AR tech gives haemophilia patients a glimpse of the future

Monday, 27 June, 2022

AR tech gives haemophilia patients a glimpse of the future

An Australian-designed augmented reality technology was recently unveiled at The Children’s Hospital at Westmead, where it will enable young people living with haemophilia to view the potentially irreversible impact of disabling joint disease.

Haemophilia, an incurable, inherited rare blood disorder, is estimated to impact more than 3000 Australians. It is diagnosed when there is not enough clotting factor VIII(8) or IX(9) in the blood to help control bleeding in the body; this bleeding most commonly occurs in the joints of the knees, elbows and ankles, and can lead to joint disease if not treated adequately. As haemophilia is also an inherited condition diagnosed at birth, joint disease caused by haemophilia can begin to develop as early as the age of 20.

The Augmented Reality Joint Scanner was developed by healthcare company Sanofi and is provided on loan to hospitals across Australia as an educational resource for patients and their families. To be used by clinical staff in the Kids’ Factor Zone at Westmead’s Paediatric Haematology Unit, it will help educate young patients and their families on the possible future impact of joint disease and the importance of maintaining a regular treatment program to help prevent bleeding episodes.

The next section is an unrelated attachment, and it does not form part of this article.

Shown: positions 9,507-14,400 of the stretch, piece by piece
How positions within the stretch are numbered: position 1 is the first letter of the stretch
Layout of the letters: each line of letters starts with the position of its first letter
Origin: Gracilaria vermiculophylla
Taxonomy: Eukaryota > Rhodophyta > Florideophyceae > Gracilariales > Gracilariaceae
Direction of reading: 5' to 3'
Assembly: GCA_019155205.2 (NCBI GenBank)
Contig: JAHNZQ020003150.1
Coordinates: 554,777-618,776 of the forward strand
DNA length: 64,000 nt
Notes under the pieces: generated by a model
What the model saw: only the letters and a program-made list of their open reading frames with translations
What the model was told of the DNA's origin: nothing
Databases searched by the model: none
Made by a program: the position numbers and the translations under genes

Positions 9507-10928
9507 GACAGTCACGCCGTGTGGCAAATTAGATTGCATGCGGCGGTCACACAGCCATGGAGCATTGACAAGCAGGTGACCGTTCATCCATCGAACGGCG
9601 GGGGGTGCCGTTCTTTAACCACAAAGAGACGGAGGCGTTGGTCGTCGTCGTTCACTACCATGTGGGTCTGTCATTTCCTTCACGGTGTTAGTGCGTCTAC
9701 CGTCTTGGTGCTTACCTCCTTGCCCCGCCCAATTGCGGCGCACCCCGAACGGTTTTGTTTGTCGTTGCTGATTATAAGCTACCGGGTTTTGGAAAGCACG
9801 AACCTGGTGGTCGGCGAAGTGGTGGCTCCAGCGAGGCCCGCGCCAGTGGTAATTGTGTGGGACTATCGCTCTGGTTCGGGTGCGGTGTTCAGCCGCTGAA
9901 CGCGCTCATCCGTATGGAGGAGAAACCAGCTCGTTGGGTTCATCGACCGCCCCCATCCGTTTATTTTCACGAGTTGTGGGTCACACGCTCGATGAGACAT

The scanner utilises a ‘leap motion’ 3D camera attached to a computer to scan and map a person’s hand when placed under the device. A specially designed software then overlays imagery onto the user’s hand to replicate normal aging and the impact of joint disease. While the scanner uses only the user’s hand as its reference point, it cleverly allows the user to expand the replicated view on the screen beyond the hand to see what is happening elsewhere in the body, focusing on specific joints known to be impacted by haemophilia including the shoulder, knee or ankle.

Ambulance worker Tim Demos, who lives with severe haemophilia A, said the scanner provides an insightful and startling lens into what life can look like if he doesn’t continue to pay attention to his haemophilia management. “This scanner has helped to strengthen my understanding that what I do now will determine how I live with my haemophilia for the rest of my life,” he said.

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